February 13

I’ve developed a bit of carpel tunnel in my wrists this week after a mishap with the keyboard.  Apparently, something was spilled on it causing the i-o-p keys to become inoperable.  I tried to use some creative copy and paste techniques, but by the end simply gave up-sending out incomplete sentences and creatively seeking words not containing those letters.  It became too much for my brain to consume so I finally went out and purchased a wireless keyboard which has for the moment made all things well again.

No longer are our enemies weather, droughts, and wild animals; but rather quite simply-one another.  I’ve been thinking a lot lately about both motherhood and farming.  Farming and motherhood were both-by unique design-intended for the survival of humankind.  Ironic, isn’t it that the basic necessities to our communities are what drive us to a level of competition and negativity and fear.  In a place and time when our basic needs are so fully met we allow consumerism, corporations, greed and power to hold us back in ways like never before.    It’s as if once we created a sense of protection from nature we went seeking something new to battle, control, take over.  And we very unfortunately landed on one another as something to conquer, suppress.  What can we do differently?  I think that those of us who are privileged enough with the time and energy to contemplate such things must speak up and out about it.  To shed light on the truth-even if it’s ugly.  Most importantly, to consider how everyone may benefit from something different, something better.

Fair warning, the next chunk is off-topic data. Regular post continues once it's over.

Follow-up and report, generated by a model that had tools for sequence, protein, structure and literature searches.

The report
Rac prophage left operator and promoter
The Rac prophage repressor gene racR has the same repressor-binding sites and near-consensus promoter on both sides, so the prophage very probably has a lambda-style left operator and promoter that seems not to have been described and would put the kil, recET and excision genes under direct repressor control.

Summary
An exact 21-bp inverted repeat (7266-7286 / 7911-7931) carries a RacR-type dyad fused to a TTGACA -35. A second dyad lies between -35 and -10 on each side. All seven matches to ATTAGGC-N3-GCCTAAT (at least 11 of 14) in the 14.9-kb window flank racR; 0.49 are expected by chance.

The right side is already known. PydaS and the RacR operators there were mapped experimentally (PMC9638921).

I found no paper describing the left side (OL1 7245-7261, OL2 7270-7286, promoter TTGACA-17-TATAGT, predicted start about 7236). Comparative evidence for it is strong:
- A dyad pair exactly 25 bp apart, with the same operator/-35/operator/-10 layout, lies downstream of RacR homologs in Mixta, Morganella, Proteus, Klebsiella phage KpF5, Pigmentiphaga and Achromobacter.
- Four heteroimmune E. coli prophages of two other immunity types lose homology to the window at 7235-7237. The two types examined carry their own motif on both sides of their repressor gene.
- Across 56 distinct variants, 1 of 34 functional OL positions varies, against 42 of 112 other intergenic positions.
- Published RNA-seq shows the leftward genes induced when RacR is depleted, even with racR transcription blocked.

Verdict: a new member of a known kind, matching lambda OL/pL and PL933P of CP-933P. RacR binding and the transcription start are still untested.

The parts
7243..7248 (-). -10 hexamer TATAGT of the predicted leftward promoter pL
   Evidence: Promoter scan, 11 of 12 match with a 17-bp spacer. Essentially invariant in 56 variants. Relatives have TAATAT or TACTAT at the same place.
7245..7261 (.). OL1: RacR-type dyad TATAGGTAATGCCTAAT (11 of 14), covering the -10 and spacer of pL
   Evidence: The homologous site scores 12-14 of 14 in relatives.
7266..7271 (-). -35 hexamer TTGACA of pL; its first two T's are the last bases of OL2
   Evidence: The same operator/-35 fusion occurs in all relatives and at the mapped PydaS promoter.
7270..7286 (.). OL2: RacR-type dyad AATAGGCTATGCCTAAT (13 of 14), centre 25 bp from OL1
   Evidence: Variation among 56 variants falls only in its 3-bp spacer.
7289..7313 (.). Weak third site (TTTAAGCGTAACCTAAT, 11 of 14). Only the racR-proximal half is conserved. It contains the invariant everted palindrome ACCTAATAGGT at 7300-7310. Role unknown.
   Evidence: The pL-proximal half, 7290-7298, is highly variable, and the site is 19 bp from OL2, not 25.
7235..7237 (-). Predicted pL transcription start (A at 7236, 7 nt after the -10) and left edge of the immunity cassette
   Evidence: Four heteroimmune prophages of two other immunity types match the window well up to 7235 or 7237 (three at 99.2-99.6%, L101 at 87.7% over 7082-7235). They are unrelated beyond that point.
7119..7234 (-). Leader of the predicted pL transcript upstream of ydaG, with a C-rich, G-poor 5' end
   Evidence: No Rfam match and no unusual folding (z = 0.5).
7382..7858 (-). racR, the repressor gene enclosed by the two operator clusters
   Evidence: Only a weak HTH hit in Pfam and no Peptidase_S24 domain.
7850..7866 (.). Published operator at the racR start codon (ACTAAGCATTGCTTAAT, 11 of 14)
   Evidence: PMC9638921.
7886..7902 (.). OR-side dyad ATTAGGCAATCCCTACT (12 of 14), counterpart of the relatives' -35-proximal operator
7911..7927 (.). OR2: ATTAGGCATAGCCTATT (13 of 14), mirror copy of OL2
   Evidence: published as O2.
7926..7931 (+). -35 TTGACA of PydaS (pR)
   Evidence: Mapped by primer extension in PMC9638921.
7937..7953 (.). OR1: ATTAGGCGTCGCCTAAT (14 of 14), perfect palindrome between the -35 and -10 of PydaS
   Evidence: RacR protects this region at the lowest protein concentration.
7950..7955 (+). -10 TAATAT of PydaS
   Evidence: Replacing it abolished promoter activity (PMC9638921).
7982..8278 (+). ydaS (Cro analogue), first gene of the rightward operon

That’s what I do every time I believe in a mama to give birth and to breastfeed her baby.  Or when I believe in a farmers ability to grow good food and sell it to just enough folks.  That’s what I’ll continue doing as I support my husband and teach my children to do the same.  It’s why I seek to work alongside others welcoming them into my home or meeting them for a cup of coffee (to talk it out).  It’s hard, exhausting work, but so is farming and motherhood.  Let’s all take a moment to really consider the level of effort and work and giving of self that being a mother or farmer requires.  In doing so I think we’ll watch that next commercial with eyes wide open, or have that conversation about motherhood differently or consider the ways that we fuel our bodies for tomorrow.  It gives me hope that once again we will offer dignity and grace to the ways our basic needs are met.